Last week, the talented character actor Michael Parks passed away at the age of 77. Parks was one of those actors whose name might not be instantly recognizable, but whose face is known by every cinemaniac. He was a regular in films by both Quentin Tarantino and Robert Rodriguez, and Kevin Smith has gone on record saying that he wrote Red State and Tusk specifically for Parks. Like so many other cult favorite actors, Parks did his share of horror movies, schlock with titles like The Savage Bees, Nightmare Beach…and the subject of this week’s Cinema Fearité – The Evictors.
Set in 1942, The Evictors stars Parks as Ben Watkins, a man who, along with his wife, Ruth (Jessica Harper from Phantom of the Paradise and Suspiria), purchases a home in a small Louisiana town. The realtor, Jake Rudd (Vic Morrow, most famous as the actor who was killed while filming Twilight Zone: The Movie), neglects to tell the Watkins about the bloody shootout that took place at the house when the bank tried to foreclose on it fifteen years earlier. He also doesn’t mention the fact that every resident of the house since has met a violent end. When the Watkins receive an icy welcome from the town, they are perplexed. When they start getting suspicious notes telling them to leave, they get a little worried. That worry turns into sheer panic when a shadowy stalker turns up outside the house every night. Ben and Ruth need to unravel the mystery of the house before it unravels them.
The writer and director of The Evictors, Charles B. Pierce, is the man behind the cult B-movies The Town That Dreaded Sundown and The Legend of Boggy Creek, and The Evictors is more of the same. It was made in 1979, so he’d already had a number of movies under his belt, but The Evictors isn’t much more polished than his early work. There’s more to it on a narrative scale, but it’s still got the same low-budget, make-it-up-as-you-go-along visual aesthetic that makes Pierce’s movies so endearing. At its core, The Evictors is a cross between a supernatural campfire tale and a suspenseful home invasion movie. It’s “based on a true story” title card just makes it more of a spiritual soulmate to The Town that Dreaded Sundown and The Legend of Boggy Creek.
By the time Pierce made The Evictors, he had grown accustomed to working with professional actors rather than casting his friends and relatives in his movies. Even still, between Jessica Harper, Michael Parks, and Vic Morrow, The Evictors is probably his most accomplished group of actors. There can be little doubt that it’s Harper’s movie, but Parks carries his weight like only he can, both supporting Harper’s lead and proving to be a formidable foil for Morrow’s shady real estate agent himself. When called upon, Parks plays the hero, but he is in no way Harper’s knight in shining armor – he’s flawed, makes mistakes, and pays dearly for them (as does his wife). In other words, Ben Watkins is an everyman, and Parks’s performance of the character connects with the audience and helps them relate to the otherwise far-reaching world of the movie.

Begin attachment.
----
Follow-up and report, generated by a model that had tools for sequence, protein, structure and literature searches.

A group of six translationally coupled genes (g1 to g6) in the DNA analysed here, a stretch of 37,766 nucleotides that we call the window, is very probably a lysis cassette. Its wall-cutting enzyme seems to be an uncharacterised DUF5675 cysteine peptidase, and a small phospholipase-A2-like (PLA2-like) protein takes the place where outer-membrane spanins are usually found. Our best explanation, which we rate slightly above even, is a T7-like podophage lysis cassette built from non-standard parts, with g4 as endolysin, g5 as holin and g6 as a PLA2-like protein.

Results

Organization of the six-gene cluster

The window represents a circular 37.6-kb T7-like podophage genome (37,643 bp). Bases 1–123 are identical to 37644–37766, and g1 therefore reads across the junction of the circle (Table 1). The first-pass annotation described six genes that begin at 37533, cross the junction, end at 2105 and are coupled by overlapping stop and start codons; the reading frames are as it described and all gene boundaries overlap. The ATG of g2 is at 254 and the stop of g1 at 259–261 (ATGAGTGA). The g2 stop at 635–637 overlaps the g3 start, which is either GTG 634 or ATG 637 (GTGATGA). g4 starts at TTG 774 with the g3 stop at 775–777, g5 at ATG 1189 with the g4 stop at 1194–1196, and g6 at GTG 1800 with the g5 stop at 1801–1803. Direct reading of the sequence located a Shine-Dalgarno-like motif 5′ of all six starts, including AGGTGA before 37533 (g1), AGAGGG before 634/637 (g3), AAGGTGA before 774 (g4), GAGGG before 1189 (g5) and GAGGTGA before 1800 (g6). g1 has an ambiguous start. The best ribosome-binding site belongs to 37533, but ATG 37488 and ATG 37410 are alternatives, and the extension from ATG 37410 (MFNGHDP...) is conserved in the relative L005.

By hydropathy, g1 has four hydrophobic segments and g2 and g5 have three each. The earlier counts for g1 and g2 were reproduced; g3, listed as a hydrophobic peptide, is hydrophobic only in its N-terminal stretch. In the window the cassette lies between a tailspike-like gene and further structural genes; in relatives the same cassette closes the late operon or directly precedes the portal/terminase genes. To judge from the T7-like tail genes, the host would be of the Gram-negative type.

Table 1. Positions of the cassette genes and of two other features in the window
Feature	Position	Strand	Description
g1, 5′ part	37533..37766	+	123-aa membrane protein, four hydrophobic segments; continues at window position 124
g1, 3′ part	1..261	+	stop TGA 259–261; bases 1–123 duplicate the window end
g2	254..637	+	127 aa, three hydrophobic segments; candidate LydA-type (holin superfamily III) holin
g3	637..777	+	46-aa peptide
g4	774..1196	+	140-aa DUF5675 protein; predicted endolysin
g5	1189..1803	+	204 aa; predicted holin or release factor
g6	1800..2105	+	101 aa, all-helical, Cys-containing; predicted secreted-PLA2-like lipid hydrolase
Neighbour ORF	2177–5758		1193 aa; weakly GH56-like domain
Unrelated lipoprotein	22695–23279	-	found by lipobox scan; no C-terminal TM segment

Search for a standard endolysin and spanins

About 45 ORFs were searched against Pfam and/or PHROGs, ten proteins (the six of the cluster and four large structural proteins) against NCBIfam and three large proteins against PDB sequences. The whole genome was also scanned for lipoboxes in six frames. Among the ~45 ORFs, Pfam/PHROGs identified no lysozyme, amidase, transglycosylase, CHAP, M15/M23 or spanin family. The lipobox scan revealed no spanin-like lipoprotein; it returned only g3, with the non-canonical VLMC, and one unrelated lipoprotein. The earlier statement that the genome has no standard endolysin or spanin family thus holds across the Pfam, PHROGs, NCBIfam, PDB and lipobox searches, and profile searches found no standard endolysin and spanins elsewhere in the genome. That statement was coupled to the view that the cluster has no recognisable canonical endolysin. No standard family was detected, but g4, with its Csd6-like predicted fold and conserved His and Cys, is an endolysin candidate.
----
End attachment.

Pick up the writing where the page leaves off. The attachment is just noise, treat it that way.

His cast may have been experienced, but Pierce used a rookie cinematographer to shoot The Evictors – a man by the name of Chuck Bryant, whose only cinematic credit up to that point was for performing the title song to Pierce’s The Legend of Boggy Creek. Pierce himself was known as a very hands-on filmmaker, so chances are that both men tagged-teamed the camera work. Whoever was behind the camera, the cinematography in The Evictors fits right in with Pierce’s other movies, rough and gritty enough to give an air of authenticity without looking too much like a shaky-cam, found footage mockumentary. The Evictors does pull out some fun photographic tricks, like washing the flashback scenes in sepia toned black and white as well as utilizing the infamous slasher point of view shot for some of the stalking scenes. Visually, The Evictors falls neatly between a standard Charles B. Pierce faux-documentary and a straight-up occult slasher.
The music for The Evictors was composed by Jaime Mendoza-Nava, who not only scored classics like The Brotherhood of Satan and Grave of the Vampire, he also did the music for most of Pierce’s other films. Because of this, the score for The Evictors is reminiscent of the music for Pierce’s earlier work, minus the country twang. The soundtrack music is over-the-top spooky and mysterious, yet also extremely accessible, sounding almost like the triumphant thunder of an old western, never getting too dissonant or abrasive to betray the film’s nineteen-forties setting.
Most movie fans will remember Michael Parks from his recurring role as Sheriff Earl McGraw in the Tarantino/Rodriguez universe. A few others will recognize him from Kevin Smith’s more serious movies. But if they dig deeper, they’ll find buried treasure like The Evictors on his resume. No matter for what film he’s best remembered, one thing is for sure; he’ll never be forgotten. There will only ever be one Michael Parks. Rest in peace.